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All Saints is the only school in the country completely shut to pupils over RAAC concerns

Pupils and parents face uncertainty as the government orders Stepney All Saints School to close two weeks after term starts, despite council assurances about RAAC.

Last Thursday evening, parents and pupils were informed that the Department for Education (DfE) had ordered Stepney All Saints School to close after it changed its advice about unsafe concrete. Pupils are now learning online without knowing when they will be able to return to school in person.

The school closed its doors to its 1,500 pupils two weeks after term started. Surveyors need to complete their assessments before there can be any indication of how long it will take to make the school safe.

The government ordered the school to close because of fears about reinforced autoclaved aerated concrete (RAAC). All Saints says it followed the government’s advice when it found RAAC in its buildings during the summer holidays. The school put in place props to support ceilings so that it could open this term.

However, the DfE changed its advice last week and instructed the school to shut down. A spokesperson for the school told the Evening Standard that ‘Nothing changed – it’s not like we suddenly saw massive cracks, it was just the guidance changed.’

Tower Hamlets Council had previously assured residents that ‘there will be no such school closures in Tower Hamlets’. The Council said last Friday that they are ‘supporting the school to reopen as soon as it is deemed safe’.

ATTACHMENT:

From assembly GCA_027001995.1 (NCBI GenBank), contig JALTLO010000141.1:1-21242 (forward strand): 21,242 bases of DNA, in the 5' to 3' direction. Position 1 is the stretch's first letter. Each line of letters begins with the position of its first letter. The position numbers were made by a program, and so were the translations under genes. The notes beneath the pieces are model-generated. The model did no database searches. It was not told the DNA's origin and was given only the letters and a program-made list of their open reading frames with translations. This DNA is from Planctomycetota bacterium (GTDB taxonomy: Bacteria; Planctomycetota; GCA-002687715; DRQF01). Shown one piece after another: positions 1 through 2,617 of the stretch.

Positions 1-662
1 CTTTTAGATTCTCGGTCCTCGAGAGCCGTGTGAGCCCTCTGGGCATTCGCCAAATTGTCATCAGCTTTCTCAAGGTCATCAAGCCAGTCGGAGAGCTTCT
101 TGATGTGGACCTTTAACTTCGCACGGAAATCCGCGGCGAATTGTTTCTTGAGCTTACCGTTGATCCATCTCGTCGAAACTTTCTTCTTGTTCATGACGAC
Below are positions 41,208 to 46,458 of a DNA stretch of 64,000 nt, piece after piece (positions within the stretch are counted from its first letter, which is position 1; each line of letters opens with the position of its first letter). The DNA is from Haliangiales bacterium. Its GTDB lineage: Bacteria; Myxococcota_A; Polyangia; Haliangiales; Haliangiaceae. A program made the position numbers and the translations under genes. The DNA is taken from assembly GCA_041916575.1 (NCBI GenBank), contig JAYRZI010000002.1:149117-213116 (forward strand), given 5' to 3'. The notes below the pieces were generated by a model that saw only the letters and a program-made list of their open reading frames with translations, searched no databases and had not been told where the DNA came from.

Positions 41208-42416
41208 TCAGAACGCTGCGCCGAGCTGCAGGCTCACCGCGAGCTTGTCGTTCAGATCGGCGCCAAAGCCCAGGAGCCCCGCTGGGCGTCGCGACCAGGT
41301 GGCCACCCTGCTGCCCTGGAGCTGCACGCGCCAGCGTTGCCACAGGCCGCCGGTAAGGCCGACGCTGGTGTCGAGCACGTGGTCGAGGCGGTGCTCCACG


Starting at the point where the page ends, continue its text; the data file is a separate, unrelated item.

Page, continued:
The announcement caught parents and pupils by surprise. ‘We don’t know how long this is likely to last and can’t plan ahead’, said Yasmina Hussain, a parent of three children at the school. Both her and her husband work full-time and want clarity about when the school will reopen so they can plan their childcare.

Hussain said the school has been supportive. They have provided laptops for all her children for online learning. But she believes the government ‘put children in danger’ by allowing pupils back to school for two weeks.

Her high-achieving son in year eleven is a particular source of concern for Hussain. The closure comes after pupils missed significant amounts of time at school during the COVID-19 pandemic and he is facing another period of disruption ahead of his GCSEs.

Neither the DfE nor All Saints have given any information about what will happen if they confirm that the school is unsafe. Schools across the UK impacted by the RAAC crisis have ordered 250 temporary Portakabin classrooms.

The DfE said in a statement: ‘We know this will be a difficult time for parents and pupils, which is why we will continue to work with the Diocese and Stepney All Saints School to support them to put mitigations in place so that pupils can return to the classroom as soon as possible.’

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